Gene Goldwasser died last week. He was 88, and he was my friend.
I wrote previously about a series of conversations I conducted with Gene and Rabbi A.J. Wolf a few years ago. I met Gene one spring day after calling to invite him to sit in on a class I was teaching to a small group of medical students about social issues in healthcare.
I’d read about him in a book called “The $800 Million Pill,” by Merrill Goozner. In the book, Goozner writes the story of Gene’s two-decade hunt to isolate the hormone erythropoietin (EPO).
Part of the story relates how Gene tried to interest traditional big pharma companies in his discovery, only to be brushed aside. Instead, Gene wound up sharing his discovery with what became Amgen. The company went on to make a windfall from recombinant production of the hormone and licensing it as a drug for patients with anemia and kidney failure. Read more »
*This blog post was originally published at ACP Internist*
As a hospitalist physician of seven years and taking care of dialysis patients, I’ve come to the conclusion that a dialysis survival gene exists. I talked with a nephrologist the other day about dialysis survival. Here’s what he said:
“If you take all dialysis comers, every year 25% of them will die.”
There is a broad range of dialysis survival. A 94-year-old with severe COPD, CHF, and dementia will not have the same survival statistics as a healthy 27-year-old with acute interstitial nephritis. The protoplasm from which you begin with often times determines the dialysis survival.
There are many factors that determine dialysis survival statistics. Some of them include, age, race, weight, and even the length of the dialysis treatments. But no where have I seen reported the association of dialysis survival with Happy’s presumed dialysis surivival gene. Read more »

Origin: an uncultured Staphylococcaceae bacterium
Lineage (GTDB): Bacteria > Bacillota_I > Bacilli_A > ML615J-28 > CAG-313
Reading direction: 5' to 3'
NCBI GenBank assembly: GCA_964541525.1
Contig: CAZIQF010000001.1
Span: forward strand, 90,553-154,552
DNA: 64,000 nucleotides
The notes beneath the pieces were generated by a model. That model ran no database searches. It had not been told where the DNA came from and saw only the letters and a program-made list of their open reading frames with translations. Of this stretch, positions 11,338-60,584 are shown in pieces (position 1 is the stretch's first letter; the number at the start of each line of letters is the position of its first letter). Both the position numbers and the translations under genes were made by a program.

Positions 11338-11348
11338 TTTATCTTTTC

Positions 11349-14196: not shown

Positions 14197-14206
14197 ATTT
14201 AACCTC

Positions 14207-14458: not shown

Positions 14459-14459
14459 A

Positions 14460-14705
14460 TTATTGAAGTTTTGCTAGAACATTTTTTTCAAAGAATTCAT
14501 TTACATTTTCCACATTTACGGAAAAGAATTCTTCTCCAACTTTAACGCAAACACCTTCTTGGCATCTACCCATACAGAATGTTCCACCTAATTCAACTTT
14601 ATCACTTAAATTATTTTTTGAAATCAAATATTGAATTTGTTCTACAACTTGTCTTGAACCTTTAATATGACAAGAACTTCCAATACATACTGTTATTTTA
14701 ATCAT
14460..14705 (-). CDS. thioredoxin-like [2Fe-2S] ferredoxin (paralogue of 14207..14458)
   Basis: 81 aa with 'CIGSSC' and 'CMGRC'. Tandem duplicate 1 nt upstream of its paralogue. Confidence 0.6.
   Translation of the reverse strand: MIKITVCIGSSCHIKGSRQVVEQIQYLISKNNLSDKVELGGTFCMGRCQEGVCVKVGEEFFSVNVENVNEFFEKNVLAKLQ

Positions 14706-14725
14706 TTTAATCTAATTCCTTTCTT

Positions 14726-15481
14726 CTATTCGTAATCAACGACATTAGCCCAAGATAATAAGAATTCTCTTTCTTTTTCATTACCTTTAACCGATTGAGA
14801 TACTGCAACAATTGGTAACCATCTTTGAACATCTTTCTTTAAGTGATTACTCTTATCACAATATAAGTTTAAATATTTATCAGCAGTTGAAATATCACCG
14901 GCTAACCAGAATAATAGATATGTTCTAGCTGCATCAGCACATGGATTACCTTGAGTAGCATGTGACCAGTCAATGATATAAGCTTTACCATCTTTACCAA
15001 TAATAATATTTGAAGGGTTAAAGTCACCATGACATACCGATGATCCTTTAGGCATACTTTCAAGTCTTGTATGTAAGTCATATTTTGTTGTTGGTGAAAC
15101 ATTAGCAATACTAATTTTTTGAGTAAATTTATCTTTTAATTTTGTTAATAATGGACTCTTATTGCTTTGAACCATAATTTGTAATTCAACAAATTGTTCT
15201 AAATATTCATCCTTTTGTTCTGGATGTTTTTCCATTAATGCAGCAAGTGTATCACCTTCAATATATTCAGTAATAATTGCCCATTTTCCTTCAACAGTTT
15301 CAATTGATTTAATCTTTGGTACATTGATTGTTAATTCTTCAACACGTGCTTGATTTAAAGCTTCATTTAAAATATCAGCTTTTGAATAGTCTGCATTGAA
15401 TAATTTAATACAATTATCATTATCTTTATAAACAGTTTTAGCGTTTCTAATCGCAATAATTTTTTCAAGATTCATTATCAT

*This blog post was originally published at The Happy Hospitalist*
In a provocative analysis of a 30-year old Medicare coverage loophole, John Schall explained the following (at the Medicare Policy Summit event):
1. Medicare covers kidney transplants for patients with end stage renal disease (ESRD). Transplant patients, of course, require life-long immunosupressive drugs to keep their bodies from rejecting the new kidney.
2. Medicare only covers immunosupressive drugs for 36 months total. These drugs are too expensive for most patients to afford out-of-pocket.
3. Many kidney transplant patients covered by Medicare are unable to continue their immunosupression regimen after 36 months, and slowly go into organ rejection.
4. Once they have rejected their transplanted kidney, they are eligible to receive a new one, fully covered by Medicare, with (you guessed it) 36 months of immunosuppresive drug coverage to follow.
Wouldn’t it just be cheaper to cover immunosuppresive drugs for the lifetime of the patient who receives an organ transplant? Yes, and that’s what lobbyists have been arguing for 30 years now, without a change in the rules.
Government-run healthcare can have its challenges… and this is only the beginning.